Peter Levitt personifies enthusiasm. As executive vice president and treasurer of Manulife Financial, he is responsible for all aspects of Manulife’s global treasury functions, and oversees Manulife’s relationships with bankers, rating agencies, investment dealers, and debt investors. His zest for his work, including managing through the largest financial crisis of a generation, is not just evident but infectious. In this interview, he shares insights into surviving and thriving through the chaos.
Advantage: After 25 successful years at Canada Trust and TD, you moved to Manulife Financial just in time for the global economic meltdown. Did that seem like bad luck?
Peter Levitt: In June 2007, I moved to Manulife; the financial crisis started within months of my arrival. My impression of what this job would be, and what it ended up to be, were night-and-day different. There were things I believed would be a low priority, things I wouldn’t spend much time on—reality was the opposite, but this presented great opportunity.
Did you realize at the time you were witnessing an epic moment in financial history?
Yes, and it’s been a huge learning opportunity. Interestingly, the financial crisis was, in some respects, the easiest time ever, because there was never any debate about what needed to get done. There is nothing like a crisis to create incredible focus!
The issue was that it had to get done. So when I had to raise capital, it had to be done, it had to be done on good terms, and it had to be done at the right time. And since execution became critical—getting approval and getting decisions—it wasn’t difficult, because people knew what needed to get done.
What aspects of Manulife allowed this to happen?
This company is absolutely remarkable about being decisive. To me, it has been a great joy to be part of a management team that is so clear in purpose.
How has the crisis defined your role as treasurer?
The past five years have been a golden era for risk management and treasury people. It’s been a terrible time for the general public. But if you have a role in treasury or risk management—and there’s a healthy component of risk management in treasury—this is when the role really came to the fore and companies came to understand that these positions can have an enormous impact on the company.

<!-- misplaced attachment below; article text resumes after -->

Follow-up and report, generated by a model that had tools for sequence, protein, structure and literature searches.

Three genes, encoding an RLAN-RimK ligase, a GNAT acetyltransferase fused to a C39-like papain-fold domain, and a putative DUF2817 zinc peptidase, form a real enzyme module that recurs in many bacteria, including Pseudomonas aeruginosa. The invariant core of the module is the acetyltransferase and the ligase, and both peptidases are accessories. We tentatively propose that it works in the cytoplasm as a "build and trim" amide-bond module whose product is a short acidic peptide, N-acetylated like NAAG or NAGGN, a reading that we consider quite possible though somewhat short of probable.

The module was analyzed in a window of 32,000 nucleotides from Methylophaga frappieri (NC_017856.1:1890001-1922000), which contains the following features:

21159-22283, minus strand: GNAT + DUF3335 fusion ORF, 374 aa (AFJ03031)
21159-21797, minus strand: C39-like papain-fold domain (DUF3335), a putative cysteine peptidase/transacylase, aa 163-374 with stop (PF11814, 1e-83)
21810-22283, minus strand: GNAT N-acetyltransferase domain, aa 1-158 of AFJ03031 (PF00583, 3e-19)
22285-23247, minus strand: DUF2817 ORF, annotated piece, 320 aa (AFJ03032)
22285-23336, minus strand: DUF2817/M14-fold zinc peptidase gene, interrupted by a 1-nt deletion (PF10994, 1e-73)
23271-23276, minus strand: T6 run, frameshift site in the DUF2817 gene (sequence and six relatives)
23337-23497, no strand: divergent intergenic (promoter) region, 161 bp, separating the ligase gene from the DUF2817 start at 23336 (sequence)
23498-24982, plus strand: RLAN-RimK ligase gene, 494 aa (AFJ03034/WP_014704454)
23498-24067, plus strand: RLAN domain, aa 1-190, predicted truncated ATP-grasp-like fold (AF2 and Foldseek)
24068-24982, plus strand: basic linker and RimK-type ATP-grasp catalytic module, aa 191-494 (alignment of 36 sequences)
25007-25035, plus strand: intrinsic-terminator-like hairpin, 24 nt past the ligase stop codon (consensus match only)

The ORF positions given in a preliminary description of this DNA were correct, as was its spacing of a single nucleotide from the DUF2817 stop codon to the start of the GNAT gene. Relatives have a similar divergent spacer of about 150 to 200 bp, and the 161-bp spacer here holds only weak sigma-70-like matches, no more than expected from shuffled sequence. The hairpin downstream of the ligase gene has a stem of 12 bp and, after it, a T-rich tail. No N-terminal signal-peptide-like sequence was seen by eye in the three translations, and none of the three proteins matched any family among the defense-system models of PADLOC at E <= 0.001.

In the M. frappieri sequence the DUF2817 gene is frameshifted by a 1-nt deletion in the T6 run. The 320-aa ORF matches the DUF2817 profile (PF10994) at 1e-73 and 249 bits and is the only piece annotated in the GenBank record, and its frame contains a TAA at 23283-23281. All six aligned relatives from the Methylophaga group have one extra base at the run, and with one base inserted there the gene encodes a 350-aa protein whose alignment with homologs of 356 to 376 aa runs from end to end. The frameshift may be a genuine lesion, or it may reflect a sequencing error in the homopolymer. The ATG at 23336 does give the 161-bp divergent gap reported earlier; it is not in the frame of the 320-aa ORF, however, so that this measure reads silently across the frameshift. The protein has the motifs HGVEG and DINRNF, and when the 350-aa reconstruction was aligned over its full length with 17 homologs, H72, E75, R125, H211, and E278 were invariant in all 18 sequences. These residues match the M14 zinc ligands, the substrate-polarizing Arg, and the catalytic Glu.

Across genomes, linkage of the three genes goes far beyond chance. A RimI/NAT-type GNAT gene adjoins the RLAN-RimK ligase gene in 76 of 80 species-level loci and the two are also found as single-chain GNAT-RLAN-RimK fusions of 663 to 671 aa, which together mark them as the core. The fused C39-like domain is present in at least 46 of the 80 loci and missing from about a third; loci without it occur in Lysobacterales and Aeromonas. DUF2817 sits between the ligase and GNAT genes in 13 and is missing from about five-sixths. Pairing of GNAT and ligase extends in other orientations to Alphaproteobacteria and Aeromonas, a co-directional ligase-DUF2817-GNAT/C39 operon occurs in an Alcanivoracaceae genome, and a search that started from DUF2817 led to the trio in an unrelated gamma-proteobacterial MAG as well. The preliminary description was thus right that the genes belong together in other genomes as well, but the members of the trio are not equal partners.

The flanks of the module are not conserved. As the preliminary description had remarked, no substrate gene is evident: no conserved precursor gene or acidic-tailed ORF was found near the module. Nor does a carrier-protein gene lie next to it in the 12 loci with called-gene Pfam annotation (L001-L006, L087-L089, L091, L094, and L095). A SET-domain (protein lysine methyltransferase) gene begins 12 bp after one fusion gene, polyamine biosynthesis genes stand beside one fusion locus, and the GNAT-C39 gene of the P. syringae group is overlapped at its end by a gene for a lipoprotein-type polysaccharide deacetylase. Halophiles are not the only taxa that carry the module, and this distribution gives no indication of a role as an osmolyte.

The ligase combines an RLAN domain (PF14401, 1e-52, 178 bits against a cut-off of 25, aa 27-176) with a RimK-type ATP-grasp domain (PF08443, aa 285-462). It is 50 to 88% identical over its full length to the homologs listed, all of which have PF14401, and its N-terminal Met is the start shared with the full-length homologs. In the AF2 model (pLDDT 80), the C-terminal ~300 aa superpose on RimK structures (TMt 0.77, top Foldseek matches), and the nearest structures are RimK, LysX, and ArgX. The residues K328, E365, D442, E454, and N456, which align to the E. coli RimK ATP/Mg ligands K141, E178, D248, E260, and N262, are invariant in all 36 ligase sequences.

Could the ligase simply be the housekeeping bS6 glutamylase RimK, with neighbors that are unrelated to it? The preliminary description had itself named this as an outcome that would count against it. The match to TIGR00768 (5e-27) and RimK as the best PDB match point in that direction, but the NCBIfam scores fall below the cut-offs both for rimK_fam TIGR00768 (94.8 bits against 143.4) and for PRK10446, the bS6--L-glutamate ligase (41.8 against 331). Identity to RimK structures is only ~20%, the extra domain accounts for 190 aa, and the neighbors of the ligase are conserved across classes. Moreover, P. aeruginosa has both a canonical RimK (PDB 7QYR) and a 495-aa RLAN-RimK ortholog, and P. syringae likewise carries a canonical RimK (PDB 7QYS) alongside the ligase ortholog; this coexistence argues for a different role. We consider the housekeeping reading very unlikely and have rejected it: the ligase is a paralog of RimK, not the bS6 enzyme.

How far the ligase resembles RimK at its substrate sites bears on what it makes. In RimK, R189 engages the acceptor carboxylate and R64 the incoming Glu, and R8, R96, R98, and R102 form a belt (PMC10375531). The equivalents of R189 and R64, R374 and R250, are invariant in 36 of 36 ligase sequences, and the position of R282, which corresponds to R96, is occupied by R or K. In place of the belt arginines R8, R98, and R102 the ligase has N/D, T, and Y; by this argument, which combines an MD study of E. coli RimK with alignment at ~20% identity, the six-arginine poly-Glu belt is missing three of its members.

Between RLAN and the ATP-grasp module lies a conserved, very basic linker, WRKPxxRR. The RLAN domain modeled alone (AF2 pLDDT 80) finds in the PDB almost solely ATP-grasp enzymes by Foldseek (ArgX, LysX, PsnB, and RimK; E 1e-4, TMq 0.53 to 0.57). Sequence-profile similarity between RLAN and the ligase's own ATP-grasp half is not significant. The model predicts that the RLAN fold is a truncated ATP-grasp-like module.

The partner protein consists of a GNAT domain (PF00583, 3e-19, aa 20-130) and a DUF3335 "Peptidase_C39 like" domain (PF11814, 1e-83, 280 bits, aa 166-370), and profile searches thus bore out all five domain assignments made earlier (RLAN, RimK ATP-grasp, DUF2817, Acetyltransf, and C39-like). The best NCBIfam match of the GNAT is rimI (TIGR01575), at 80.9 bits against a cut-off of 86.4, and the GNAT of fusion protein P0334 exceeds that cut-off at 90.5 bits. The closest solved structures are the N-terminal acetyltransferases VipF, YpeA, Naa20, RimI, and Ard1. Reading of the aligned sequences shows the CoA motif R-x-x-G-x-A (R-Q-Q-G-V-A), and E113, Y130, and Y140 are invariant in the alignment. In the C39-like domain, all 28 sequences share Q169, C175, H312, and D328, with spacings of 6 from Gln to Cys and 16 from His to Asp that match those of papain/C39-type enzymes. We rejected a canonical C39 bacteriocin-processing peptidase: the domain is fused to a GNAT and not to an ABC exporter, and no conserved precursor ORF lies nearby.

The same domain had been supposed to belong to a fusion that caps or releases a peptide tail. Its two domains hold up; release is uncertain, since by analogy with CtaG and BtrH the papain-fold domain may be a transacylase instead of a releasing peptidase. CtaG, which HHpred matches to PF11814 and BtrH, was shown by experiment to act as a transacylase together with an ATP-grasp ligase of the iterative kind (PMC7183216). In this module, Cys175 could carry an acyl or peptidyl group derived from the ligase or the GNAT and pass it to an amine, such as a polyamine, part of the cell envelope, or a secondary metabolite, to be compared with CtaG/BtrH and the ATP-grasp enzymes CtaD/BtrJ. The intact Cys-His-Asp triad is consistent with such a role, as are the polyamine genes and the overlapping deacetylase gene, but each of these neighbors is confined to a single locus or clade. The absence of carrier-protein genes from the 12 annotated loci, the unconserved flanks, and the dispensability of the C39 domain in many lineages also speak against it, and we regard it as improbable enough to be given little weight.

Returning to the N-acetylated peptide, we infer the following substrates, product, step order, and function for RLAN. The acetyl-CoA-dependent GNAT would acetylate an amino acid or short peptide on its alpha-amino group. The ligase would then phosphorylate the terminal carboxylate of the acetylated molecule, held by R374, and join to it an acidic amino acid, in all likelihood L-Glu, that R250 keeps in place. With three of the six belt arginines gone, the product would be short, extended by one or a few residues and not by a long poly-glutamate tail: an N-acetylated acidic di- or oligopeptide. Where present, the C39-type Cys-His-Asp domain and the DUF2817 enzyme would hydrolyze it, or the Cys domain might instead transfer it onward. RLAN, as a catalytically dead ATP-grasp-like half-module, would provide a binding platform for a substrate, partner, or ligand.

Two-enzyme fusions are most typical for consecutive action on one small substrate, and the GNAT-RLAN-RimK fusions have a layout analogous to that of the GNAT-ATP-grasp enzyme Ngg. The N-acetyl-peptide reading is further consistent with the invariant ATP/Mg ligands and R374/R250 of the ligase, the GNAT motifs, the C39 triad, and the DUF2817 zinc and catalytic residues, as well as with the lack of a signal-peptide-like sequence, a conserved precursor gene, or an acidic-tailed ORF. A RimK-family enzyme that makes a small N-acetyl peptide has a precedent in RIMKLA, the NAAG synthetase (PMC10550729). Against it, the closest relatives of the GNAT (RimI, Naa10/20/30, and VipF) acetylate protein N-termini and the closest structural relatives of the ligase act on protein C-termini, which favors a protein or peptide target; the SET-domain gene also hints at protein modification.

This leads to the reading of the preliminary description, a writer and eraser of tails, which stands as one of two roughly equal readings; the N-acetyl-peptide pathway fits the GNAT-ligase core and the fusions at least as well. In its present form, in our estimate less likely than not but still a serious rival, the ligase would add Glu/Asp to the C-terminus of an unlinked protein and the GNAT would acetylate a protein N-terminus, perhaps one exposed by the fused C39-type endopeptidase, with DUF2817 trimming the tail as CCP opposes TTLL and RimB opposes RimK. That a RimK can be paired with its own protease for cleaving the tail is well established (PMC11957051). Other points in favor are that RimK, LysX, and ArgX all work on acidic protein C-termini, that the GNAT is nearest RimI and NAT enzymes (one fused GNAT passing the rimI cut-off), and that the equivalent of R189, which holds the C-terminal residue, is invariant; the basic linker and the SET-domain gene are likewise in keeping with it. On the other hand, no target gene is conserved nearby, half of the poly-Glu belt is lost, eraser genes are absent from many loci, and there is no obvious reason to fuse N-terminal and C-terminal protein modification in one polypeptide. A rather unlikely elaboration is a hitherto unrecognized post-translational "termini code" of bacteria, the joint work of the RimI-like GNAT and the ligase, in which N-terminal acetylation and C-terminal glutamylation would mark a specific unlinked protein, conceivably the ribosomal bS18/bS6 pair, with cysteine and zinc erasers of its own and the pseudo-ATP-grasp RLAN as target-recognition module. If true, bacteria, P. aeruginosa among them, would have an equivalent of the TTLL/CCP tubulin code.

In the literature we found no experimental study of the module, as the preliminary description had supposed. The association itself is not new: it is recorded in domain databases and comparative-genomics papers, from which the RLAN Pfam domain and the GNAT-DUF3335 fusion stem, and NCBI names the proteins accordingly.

The profile of the treasurer went from an important middle manager to a critical senior executive. Because of the crisis, you needed to be in front of the CEO a lot, or in front of the board at times. If you can handle it, it’s a great learning opportunity. I got 20 years of experience in 5 years.
What kind of person “can handle it”?
Well, it helps to have a good sense of humour! And stamina counts—the hours were definitely extreme.
In the spring of 2009, I recall the first day I hadn’t worked for six months. Christmas Day, New Year’s Day—there wasn’t one day without working for at least a few hours. There was too much happening; there was just no give. We worked nonstop, as did many people caught up in managing through the crisis.
Bench strength is key. I inherited an incredibly strong team with tremendous capabilities. Recognition for what the company has done helps. We just had a rating agency analysts’ review a month ago, and they said, “You guys are the masters of underpromising and overdelivering. Every time we come in and do our annual review, you have done more than you said you would, in risk reduction, capital raising, and other areas.”
How do you stay on such even footing with the rating agencies?
A lot of success is about relationships, ultimately based on trust. And this works with all relationships: investors, bankers, rating agencies, regulators—all of them will treat you 100 times better if it starts from a foundation of trust.
So you are straight with them, you deal with them honestly, you share information as appropriate. That can be tough, because when there’s bad news you aren’t looking forward to calling your rating agency, but you have to, because you’re in it for the long run. And so here we are after five years of financial turmoil, and Manulife is still AA rated.
What advice would you give to someone just entering the field?
If you’re a junior analyst just starting out, the worst thing you can do is complete an analysis and hand it off. What you need to do is think about how it’s going to be used, what decisions will be driven by the results of your analysis, and how can it be more broadly applied. Technical competence is a given table stakes, so you have to go beyond.
Truly understand what the relevance is of what you’re doing and how it ties into the bigger strategy of the organization. People lose sight of that all the time.
Second, remember the people side is as important as the technical side. You can have a brilliant analysis, but it will go absolutely nowhere if you can’t sell people on your ideas and get them onside. Always be focused on exceeding everyone’s expectations all of the time, presenting insightful and relevant solutions.
Thirdly, culture is important. When one of our board members first heard I worked at Canada Trust in the 1980s, he wanted to know all about it, because that culture transformed the Canadian-banking landscape. It was a unique culture that thrived on collegiality and inclusion, always dealing with the people issues as the core part of what it takes to get things done. For example, in the 1980s I was just a technical, nerdy computer guy, yet I was invited into meetings to develop our product strategies and branding, which is not what happens in most companies.
Manulife is moving to that culture, and I am proud to be part of another cultural transformation.